This article was first published by Endeavor, a newspaper at Everglades Correctional Institution in Miami. Aside from the headline, it appears as it was published and has not been edited by PJP.
Residents of the Florida Department of Corrections (FDC) were once able to order quarterly food and property packages through Access Securepak and Union Supply Direct. Their catalogs offered name brand food items, clothing, sneakers, hygiene, radios, earbuds and many other products not available in the canteen or on the canteen’s quarterly order form. Family and friends were able to spend up to $100 per resident from both companies each ordering period.
While well received by the residents, the program was discontinued in 2017. “I looked forward to the variety and quality of products that weren’t available in the canteen. I don’t understand why the program ended,” resident Jon Nelson said.
The FDC posted a message on their website announcing the upcoming return of the program. It said the solicitation process began in September 2019 but was delayed by the pandemic. “The Department anticipates awarding the solicitation and establishing a new contract by the fall of 2021.” This deadline has elapsed and no new statewide program has been made available. No further announcements or updates have been posted to FDC’s website. The original posting did suggest that “[residents] can continue to purchase property items through the quarterly order program currently offered by the service provider, Trinity Services Group.”
The Access website posts no information on ordering for FDC residents. However, Union’s site had announced the “Florida Summer Program,” with an order period from April 11 through May 11, 2022, for Gadsden Correctional Institution only. No other facilities were listed as authorized to receive orders.
At Florida’s privately operated facilities, residents can purchase a larger selection of upgraded food and property items such as beard trimmers, large bowls with lids, popcorn, and ice cream. These same types of items are not sold in Department-run institutions.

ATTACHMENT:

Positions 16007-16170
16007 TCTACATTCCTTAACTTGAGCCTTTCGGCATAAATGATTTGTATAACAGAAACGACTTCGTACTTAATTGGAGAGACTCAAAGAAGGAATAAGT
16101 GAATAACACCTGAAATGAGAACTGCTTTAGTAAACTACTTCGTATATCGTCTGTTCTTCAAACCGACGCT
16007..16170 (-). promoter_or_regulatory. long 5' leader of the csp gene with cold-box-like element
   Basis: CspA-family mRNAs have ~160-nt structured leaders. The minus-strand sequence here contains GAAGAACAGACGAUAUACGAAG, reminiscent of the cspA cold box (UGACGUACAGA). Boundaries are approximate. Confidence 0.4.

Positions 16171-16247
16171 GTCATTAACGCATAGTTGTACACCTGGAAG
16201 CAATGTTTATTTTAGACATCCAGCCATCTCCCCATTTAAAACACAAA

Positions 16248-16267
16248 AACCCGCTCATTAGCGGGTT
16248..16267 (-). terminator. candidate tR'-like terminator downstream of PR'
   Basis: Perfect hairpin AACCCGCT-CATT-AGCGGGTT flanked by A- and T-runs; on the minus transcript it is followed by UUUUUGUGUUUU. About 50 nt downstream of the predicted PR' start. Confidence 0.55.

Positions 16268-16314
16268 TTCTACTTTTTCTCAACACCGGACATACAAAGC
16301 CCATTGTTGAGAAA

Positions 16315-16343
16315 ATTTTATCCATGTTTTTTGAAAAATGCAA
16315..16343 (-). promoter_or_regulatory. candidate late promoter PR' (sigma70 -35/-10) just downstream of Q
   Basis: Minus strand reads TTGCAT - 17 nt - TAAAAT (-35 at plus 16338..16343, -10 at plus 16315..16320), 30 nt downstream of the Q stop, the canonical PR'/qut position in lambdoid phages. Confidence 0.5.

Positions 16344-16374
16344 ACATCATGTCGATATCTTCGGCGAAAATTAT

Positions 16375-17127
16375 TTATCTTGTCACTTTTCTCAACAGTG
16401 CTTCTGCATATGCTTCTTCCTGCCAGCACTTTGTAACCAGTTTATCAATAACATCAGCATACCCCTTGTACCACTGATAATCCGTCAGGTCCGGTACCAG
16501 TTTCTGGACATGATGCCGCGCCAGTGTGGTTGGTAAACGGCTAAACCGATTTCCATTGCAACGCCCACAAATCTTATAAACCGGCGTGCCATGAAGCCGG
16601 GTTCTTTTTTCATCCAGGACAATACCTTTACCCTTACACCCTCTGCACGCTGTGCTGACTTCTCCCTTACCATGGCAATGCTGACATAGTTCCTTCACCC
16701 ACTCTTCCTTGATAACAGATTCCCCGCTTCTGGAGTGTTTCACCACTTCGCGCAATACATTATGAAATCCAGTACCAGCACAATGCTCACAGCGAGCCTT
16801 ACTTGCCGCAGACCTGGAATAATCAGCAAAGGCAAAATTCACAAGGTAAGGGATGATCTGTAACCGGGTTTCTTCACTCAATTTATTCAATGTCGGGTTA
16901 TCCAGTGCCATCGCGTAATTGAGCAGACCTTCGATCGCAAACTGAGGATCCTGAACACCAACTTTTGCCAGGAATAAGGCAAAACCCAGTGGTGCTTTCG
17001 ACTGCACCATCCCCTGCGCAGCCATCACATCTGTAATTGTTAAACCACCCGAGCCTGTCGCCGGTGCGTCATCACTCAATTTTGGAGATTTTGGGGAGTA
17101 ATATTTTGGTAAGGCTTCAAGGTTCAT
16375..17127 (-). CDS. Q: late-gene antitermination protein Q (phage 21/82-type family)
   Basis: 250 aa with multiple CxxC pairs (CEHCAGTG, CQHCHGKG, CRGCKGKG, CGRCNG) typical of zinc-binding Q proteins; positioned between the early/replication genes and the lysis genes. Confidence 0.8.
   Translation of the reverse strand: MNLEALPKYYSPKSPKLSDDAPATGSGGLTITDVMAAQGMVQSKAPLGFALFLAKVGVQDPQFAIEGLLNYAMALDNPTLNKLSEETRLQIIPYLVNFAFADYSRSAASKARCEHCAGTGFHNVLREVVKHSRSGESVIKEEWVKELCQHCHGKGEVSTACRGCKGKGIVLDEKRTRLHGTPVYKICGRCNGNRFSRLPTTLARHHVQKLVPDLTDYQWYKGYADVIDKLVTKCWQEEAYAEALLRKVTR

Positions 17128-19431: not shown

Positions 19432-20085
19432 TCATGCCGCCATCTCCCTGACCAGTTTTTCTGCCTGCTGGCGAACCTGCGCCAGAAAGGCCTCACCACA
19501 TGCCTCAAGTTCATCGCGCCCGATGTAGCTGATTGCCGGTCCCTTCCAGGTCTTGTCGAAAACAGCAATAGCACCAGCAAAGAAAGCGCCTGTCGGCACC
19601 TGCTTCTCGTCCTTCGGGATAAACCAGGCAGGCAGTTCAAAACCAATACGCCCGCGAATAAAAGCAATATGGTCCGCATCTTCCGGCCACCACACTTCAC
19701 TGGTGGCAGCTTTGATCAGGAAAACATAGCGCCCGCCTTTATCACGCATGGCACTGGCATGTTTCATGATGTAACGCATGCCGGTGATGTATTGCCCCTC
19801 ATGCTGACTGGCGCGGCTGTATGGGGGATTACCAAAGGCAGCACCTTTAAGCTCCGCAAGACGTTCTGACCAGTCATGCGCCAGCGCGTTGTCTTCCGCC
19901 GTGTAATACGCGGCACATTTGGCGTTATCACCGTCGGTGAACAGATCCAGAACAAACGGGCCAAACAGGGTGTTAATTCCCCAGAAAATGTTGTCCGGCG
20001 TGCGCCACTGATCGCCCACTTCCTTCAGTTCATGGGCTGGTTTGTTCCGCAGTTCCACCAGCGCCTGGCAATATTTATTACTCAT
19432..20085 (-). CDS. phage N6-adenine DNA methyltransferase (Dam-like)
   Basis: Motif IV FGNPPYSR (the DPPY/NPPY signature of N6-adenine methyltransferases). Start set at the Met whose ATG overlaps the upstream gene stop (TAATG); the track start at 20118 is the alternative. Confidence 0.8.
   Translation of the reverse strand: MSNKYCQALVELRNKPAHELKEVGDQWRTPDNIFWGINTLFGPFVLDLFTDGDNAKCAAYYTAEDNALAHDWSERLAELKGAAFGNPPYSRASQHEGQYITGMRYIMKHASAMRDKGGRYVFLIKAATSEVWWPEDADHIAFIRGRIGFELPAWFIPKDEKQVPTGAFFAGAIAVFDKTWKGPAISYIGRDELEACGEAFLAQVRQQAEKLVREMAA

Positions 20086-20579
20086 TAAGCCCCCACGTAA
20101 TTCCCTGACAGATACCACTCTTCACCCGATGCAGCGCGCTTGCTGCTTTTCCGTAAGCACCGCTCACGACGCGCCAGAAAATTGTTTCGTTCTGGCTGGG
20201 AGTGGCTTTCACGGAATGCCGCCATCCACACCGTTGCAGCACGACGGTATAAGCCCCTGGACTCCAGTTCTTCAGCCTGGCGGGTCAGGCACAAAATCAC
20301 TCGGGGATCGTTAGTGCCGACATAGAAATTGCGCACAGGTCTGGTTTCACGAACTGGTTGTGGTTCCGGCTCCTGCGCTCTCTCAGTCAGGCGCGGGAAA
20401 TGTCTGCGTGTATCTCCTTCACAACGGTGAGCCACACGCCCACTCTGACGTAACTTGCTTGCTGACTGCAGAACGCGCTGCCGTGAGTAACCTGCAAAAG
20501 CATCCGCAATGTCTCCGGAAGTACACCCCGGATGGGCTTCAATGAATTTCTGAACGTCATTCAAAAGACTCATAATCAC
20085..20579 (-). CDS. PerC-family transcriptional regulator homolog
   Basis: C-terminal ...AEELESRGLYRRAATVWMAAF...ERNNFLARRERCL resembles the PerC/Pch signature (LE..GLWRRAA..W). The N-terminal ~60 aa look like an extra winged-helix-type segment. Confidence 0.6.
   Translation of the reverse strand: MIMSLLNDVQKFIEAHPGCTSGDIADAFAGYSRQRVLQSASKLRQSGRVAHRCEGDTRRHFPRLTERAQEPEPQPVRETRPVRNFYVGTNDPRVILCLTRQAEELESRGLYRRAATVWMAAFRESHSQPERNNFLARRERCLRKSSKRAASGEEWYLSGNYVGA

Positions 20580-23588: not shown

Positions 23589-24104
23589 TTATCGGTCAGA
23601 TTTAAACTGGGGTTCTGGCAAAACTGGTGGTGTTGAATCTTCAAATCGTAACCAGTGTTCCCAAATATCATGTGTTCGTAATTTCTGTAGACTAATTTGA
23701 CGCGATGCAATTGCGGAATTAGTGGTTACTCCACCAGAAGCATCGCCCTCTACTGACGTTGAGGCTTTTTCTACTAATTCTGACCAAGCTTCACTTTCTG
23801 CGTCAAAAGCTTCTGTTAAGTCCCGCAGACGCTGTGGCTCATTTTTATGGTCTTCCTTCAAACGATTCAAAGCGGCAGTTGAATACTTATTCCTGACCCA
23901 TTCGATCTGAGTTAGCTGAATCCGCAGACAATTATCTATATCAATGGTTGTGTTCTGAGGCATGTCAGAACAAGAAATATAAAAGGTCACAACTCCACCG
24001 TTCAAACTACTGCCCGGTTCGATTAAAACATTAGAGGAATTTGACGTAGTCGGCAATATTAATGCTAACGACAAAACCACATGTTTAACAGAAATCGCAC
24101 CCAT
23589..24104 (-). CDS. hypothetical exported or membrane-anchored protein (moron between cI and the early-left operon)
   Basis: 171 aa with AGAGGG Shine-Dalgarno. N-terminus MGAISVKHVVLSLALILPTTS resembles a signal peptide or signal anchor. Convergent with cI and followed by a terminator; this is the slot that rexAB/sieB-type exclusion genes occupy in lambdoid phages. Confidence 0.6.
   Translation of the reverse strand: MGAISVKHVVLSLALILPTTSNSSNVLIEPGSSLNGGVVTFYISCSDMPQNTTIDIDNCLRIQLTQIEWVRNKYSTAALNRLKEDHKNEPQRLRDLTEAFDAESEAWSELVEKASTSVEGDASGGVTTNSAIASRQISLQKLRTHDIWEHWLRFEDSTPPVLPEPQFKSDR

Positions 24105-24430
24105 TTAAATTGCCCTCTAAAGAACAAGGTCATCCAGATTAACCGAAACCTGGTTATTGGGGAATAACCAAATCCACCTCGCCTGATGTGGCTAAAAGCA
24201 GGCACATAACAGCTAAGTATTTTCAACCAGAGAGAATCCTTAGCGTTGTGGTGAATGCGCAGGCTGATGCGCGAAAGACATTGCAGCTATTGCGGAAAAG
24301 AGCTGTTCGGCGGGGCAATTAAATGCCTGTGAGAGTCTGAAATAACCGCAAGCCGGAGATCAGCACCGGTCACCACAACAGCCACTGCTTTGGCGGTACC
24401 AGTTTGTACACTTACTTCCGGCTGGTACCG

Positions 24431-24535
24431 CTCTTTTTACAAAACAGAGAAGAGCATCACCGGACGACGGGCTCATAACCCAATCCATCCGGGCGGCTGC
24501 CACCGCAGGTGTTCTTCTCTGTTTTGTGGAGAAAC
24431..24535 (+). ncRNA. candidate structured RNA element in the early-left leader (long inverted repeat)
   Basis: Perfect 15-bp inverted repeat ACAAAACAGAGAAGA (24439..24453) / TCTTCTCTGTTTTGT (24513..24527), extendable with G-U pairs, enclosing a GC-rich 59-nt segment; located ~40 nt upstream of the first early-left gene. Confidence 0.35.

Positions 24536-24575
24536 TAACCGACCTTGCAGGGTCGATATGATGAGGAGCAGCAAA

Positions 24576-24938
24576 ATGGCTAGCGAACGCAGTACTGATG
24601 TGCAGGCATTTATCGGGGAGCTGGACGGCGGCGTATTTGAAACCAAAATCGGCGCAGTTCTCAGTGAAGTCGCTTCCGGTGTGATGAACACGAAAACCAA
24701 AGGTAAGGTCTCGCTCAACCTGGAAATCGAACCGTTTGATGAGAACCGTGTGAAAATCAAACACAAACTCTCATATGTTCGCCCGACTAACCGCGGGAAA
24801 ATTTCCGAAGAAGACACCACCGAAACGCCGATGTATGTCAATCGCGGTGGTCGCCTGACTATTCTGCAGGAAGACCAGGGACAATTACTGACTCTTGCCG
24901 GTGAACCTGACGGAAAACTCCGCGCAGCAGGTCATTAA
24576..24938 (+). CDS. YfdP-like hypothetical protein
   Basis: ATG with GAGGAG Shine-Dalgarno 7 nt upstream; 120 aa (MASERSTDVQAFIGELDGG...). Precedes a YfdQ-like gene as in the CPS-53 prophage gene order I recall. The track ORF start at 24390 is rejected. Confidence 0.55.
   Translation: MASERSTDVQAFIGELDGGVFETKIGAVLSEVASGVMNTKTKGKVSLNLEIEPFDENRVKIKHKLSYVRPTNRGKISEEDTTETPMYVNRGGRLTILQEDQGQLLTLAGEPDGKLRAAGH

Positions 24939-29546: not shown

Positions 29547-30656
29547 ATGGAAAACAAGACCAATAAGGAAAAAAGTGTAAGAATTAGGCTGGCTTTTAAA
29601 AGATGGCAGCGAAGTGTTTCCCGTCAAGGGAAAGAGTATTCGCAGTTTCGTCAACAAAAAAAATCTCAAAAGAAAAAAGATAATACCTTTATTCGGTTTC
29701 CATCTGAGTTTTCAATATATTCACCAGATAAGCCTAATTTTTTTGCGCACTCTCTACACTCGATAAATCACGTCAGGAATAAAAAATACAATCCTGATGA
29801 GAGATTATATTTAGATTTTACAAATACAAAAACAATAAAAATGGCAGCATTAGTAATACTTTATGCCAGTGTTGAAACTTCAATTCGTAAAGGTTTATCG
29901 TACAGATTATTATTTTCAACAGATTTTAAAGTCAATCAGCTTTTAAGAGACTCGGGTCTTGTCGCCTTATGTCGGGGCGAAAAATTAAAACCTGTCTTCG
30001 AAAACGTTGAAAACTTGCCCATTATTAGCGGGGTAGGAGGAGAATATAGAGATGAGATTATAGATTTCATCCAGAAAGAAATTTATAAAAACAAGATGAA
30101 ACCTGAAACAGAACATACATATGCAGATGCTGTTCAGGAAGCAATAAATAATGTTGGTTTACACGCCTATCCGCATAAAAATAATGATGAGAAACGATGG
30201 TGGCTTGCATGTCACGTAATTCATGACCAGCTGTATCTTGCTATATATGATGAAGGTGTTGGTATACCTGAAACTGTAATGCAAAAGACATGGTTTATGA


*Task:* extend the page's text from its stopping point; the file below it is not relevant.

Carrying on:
Florida operates institutions that are classified as “incentivized.” To be considered for placement, residents must have an exemplary disciplinary record and be free of any major violations that would disrupt the security of the facility. Residents of an incentivized institution should be considered for participation in some version of a food and property program, similar to what was previously offered with Access and Union.
At past town hall meetings, the quality and selection of shoes currently offered on the quarterly order form had been discussed. Administration announced they were receptive to exploring the possibility of coming up with a new and better selection. On previous quarterly order forms, a resident had options to choose from — New Balance, Nike and Reebok. Currently, residents are limited to one shoe manufacturer: Shoe Corp, a company specializing in institutional footwear. An established company whose clientele is primarily the incarcerated, such as Walkenhorst’s, should be considered. They offer 65 different pairs of men’s sneakers and seven different beard trimmers.
Walkenhorst’s, a family-owned and operated catalog supply company, has been catering to the incarcerated for over 25 years. Their 323-page 2022 “Summer National East Catalog” offers thousands of items to jails and correctional facilities in nearly 30 states. Six Florida facilities and their sales tax are listed: Citrus County Detention Facility, Florida Civil Commitment Center, Florida State Prison, Lake Correctional Institution, South Bay Correctional Facility and Union Correctional Institution.
The FDC has been in talks for over two years to find a provider of services comparable to Access, Union, Walkenhorst’s or the like. It’s well past the fall of 2021 and time to offer these services again. Those at an incentivized institution have earned the privilege to be offered an upgraded selection of food and property items, similar to what was already available in the past. Or, at the very least, offer what was advertised.
Disclaimer: The views in this article are those of the author. Prison Journalism Project has verified the writer’s identity and basic facts such as the names of institutions mentioned.